Glendale Says ‘No’ to Exemptions on Curtailed Projects

Times Staff Writer

The Glendale City Council, ending three weeks of heated debate with developers, voted Tuesday against exemptions to a moratorium on the construction of new apartment buildings and condominiums.

The council voted 3 to 2 against an amendment that would have allowed construction to proceed on 13 projects that were close to receiving final city approval when the moratorium was adopted Sept. 27.

Council members John Day and Larry Zarian supported the exemptions. Mayor Carl Raggio and council members Jerold Milner and Ginger Bremberg opposed them. Four votes were necessary to pass the amendment because the moratorium was originally enacted as an emergency ordinance.

All five council members reiterated their support for the 5-month moratorium, which was enacted to prevent a rush of building permit applications while the council considers imposing restrictions on future development.


“I feel a very, very deep obligation to the 150,000 citizens who live in this city . . . and who are sick and tired of the rape-and-run contractors,” Bremberg said.

Considering Legal Action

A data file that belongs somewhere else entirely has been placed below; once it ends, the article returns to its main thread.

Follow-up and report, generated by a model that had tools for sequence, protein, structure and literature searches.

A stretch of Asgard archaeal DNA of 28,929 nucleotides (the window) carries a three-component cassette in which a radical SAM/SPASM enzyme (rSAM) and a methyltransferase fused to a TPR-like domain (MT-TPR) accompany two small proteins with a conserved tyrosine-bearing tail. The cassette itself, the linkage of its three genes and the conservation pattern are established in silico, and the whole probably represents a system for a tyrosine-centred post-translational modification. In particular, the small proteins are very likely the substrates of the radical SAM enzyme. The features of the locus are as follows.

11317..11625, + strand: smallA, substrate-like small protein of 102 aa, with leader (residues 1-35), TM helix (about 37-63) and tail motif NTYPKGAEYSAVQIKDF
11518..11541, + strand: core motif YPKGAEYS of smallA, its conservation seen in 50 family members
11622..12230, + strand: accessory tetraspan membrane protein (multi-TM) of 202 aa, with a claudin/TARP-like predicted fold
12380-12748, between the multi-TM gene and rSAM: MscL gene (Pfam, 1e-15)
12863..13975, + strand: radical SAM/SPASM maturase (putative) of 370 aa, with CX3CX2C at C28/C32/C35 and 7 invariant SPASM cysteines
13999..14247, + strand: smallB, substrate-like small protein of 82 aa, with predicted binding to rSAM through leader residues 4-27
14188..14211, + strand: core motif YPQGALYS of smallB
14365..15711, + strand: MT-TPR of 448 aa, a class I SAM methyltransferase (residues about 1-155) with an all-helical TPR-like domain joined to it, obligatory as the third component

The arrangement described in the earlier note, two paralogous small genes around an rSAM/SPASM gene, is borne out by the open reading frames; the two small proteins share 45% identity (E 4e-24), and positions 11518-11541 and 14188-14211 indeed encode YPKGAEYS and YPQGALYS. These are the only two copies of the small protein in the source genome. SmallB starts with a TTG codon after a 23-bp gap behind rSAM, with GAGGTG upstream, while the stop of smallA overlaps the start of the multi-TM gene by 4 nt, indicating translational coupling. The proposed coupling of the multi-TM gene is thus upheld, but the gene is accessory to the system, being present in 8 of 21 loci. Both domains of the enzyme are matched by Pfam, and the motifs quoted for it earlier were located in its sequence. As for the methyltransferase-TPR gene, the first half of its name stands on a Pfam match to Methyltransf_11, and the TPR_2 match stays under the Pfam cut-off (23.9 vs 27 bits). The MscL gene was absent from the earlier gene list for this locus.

About 100 developers and their supporters have condemned the moratorium during council meetings in the past three weeks. They contend that it is unfair to developers who have already invested money in projects that are consistent with existing requirements.

A spokesman for the Glendale Fair Growth Coalition, a group that organized to fight the moratorium, said after the council’s decision Tuesday that it is considering legal action against the city.


“The coalition feels the City Council’s unwillingness to allow pending projects to proceed through the approval process is unjust and unreasonable,” coalition spokesman Berdj Karapetian said after the council meeting.

Deputy City Manager Robert McFall reported last week that 100 builders had submitted projects for city approval when the moratorium was enacted. McFall headed a four-member committee that reviewed 71 projects and determined that 21 were exempt because they had already completed the permit process or were below the moratorium’s density requirements.

The council considered amendments that would have exempted as many as 29 of 50 projects affected by the moratorium, but approved only two minor “clarifications” exempting retirement and rest homes, and giving builders until December to file applications for smaller apartment buildings.

Among the more than 100 people who packed the council chambers were representatives of local homeowners groups who told the council that they supported the moratorium.

“We particularly admire the actions of the council in the face of the pressures that have been brought to bear,” said Mary Ann Prelock of the Royal Canyon Property Owners Assn.